Bake at 350 about 40 minutes or until browned and a knife comes out clean. Remove from oven and cut. Serve warm or cold. I also made this lighter by combining egg white substitute and egg egg substitute. It's easier and healthier.

These two recipes, plus fresh sliced fruit, will feed 7-8. Or five hungry folks like us.

Monday, September 21, 2009

You Won't Believe Me.

I've been saving this third post about middle school fashion at Key for last because it is my favorite. I have to pinch myself every day to make sure my move to Virginia didn't land me in an alternate universe. You probably won't even believe me when I tell you.

But middle school boys in Virginia wear skinny jeans.

Pause. Let that sink in. It might change your reality.

For example, while we were looking for themes in music, we listened to Avril Lavigne's song "Skater Boy." The artist sings about skaters with their baggy pants. And my students didn't know what she was talking about! Skaters here wear some of the very tightest skinny jeans.

My poor soul is a divided mess torn between wanting to hug these brave little boys and laugh at how ridiculous they look strutting from locker to locker. There are still a few trendless haps who wear their old baggy pants. But I say "Pull up your pants!" approximately 83 less times each day.

I'm about 110% sure that none of my guy friends could be convinced they should buy skinny jeans. I don't even think my BOTAR escort, Ryan - the king of all good genes/jeans, would wear them. We used to go to BOTAR rehearsal for his jeans. If Ryan won't wear them, I'm pretty sure most 20 somethings will stay clear. He's a trendsetter.

But while it lasts and what's it worth, that's the fashion news for middle school.

Sunday, September 20, 2009

Doggie Dip.

Fall is starting to creep in around us, and one of the signs that summer is slipping away is the closing of the neighborhood pool. Thankfully they let doggies swim before they close everything up for the year. We took Belle and Copper up to the pool to let them check it out.

Belle loved it!

She's a natural swimmer. Rachel and I pushed her in the first time, and then she remembered how much she likes swimming. She would jump in or wade in using the stairs. Belle was always happier when there with other dogs paddling beside her.

In between laps in the pool, Belle ran laps around the pool. I think she might have a future as a triathlete. If only they made bicycles for dogs. Or had triathletes for dogs.

Copper didn't like it as much as Belle. But I'll let Rachel tell you about that. It probably evens out everything on the great cosmic see-saw. I'm not athletic, but my dog is. Rachel's super athletic, but her dog isn't.

It was even better because our friends Emily and Ryan were with us. They live in Maryland and came over for brunch before our adventure.

I was missing all the green chiles from Kenneth and Melinda's wedding so I made green chile and swiss egg pie and baked french toast. Ken's mom sent me both of the recipes, and they tasted just as good in Falls Church as they did in the mountains in New Mexico.

Saturday, September 19, 2009

Sorry About That.

I might have been a little dramatic last night when I said the blog was broken.

Sorry about that.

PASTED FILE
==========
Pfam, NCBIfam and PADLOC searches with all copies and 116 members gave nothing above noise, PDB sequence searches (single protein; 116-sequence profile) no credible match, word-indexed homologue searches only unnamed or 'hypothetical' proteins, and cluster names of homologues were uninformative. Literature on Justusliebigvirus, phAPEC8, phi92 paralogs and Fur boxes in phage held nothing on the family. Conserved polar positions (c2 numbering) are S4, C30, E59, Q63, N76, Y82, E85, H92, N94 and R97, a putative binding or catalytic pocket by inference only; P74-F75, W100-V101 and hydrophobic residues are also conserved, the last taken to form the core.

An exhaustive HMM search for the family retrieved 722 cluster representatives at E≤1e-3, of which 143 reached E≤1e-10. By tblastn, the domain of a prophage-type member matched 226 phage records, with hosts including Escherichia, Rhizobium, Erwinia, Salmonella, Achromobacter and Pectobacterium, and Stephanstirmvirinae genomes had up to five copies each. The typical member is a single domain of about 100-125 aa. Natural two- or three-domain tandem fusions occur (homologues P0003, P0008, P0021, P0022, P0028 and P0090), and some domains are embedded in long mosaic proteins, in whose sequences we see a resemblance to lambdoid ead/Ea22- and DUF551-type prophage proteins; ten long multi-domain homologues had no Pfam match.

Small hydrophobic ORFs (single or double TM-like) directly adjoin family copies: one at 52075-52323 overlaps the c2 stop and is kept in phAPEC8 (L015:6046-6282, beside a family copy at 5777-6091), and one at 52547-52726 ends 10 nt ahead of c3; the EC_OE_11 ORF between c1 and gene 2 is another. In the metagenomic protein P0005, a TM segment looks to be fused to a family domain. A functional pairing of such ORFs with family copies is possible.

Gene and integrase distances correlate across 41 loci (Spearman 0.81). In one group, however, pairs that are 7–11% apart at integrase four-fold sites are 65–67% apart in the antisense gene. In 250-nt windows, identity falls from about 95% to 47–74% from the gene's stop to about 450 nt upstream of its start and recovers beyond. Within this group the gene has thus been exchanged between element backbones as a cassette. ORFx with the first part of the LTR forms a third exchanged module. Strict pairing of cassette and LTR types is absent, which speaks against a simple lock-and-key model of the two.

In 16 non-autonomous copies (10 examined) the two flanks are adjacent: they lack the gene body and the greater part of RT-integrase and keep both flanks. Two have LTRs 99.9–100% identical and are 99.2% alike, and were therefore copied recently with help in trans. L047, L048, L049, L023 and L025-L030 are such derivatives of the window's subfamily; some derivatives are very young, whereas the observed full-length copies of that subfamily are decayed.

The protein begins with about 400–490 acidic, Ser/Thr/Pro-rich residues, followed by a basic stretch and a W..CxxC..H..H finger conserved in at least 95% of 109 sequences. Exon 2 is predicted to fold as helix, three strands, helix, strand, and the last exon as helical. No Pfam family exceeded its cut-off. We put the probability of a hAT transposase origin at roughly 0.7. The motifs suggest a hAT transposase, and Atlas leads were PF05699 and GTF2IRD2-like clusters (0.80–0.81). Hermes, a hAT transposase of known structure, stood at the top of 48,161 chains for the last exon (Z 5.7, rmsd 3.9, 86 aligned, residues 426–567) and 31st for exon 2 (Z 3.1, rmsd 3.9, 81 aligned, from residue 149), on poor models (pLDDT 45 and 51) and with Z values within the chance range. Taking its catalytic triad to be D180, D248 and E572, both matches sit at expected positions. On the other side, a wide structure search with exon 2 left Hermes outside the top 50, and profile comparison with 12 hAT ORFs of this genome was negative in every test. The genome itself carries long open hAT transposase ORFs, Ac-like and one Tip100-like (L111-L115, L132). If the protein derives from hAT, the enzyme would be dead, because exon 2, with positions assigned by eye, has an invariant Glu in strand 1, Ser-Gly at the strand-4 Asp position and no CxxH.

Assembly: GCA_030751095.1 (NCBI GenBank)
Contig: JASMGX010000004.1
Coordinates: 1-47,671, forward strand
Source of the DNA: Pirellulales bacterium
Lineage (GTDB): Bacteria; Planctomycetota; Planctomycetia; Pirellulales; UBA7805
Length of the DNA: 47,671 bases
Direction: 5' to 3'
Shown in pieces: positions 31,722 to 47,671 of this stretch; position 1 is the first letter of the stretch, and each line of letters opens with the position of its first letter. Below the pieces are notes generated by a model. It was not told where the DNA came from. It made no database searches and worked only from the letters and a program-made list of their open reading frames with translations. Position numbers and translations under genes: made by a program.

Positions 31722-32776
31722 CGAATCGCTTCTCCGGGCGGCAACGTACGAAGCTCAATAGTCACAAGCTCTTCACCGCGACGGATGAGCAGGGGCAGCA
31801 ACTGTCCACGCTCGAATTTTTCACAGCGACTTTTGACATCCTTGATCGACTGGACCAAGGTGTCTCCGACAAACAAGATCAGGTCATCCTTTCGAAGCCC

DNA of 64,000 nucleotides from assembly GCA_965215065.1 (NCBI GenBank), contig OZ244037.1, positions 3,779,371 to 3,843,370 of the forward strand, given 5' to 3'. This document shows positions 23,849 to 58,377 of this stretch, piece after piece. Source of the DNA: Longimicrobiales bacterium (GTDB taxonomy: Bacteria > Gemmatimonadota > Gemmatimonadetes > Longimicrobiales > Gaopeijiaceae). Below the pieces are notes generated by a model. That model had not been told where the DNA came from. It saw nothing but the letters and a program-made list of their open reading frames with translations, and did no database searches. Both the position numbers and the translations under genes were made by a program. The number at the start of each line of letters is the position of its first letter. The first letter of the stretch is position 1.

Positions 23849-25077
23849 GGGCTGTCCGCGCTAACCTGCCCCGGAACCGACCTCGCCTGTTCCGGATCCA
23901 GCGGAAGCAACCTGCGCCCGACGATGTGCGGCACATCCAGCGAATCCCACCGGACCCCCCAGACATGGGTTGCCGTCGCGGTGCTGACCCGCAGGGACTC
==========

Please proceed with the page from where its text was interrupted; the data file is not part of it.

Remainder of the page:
It's not exactly broken, just some of the design got messed up. But I'm going to fix it and make it better than ever.

Also, did you know that the Wildcats are playing in a nationalized televised game? I can watch K-State play at UCLA in the Rose Bowl from house in Virginia. The game didn't kick off until 10:30 pm tonight, but it's still stinkin' cool.

Jon sent me this photo from the Rose Bowl tonight. Said there are lots of Cat fans there, including all my favorite guy friends.

Go State!

Friday, September 18, 2009


I broke my blog. I was trying to help a friend design a new one and I got confused on which blog I was fixing.

AND I'm really really tired. I have grad school tomorrow and...

a broken blog.

Forgive me until it is fixed. It's killing me. Slowly and steadily.

My blog! My precious blog!

Dog Bed.

My friend Kate sent me an email about dog rules recently. I modified slightly, but it has been true so far in my almost two years with Belle.


1. The dog is not allowed to sleep with the humans on the bed.

2. All right, the dog is allowed on the bed, but ONLY by invitation.

3. The dog can sleep on the bed whenever she wants, but NOT under the covers.

Belle used to be very good at putting herself to bed in her dog bed if she thought I stayed up too late working on school stuff. She still puts herself to bed, but on my bed. Whoops.

It's a lost cause. I like when Belle sleeps with me. She is warm and cuddly, keeps my feet cozy during the winter and stays away from my face with her sweet doggy breath. And I like when she lays on the bed next to me while I work at my desk because then I can pet her whenever I want.

I love that dog. Because she doesn't judge and always forgives.

We all need a little of that kind of love.

Thursday, September 17, 2009

Gingerbread and Ramadan.

In college I read about cultural responsive teaching. I attended the conference on White Privilege twice. I felt like I was prepared to mold young minds for a global world.

I took that big step that reflected my college shaped ideals, and I taught in an urban middle school for four years. Most of the time I was the only white kid in the room. But I got lackadaisical about some of my progressive teaching goals, and I didn't do a lot to push how my students. In many ways, I just survived. I planned field trips, interactive lessons, coached soccer and loved loved loved my tough little kids.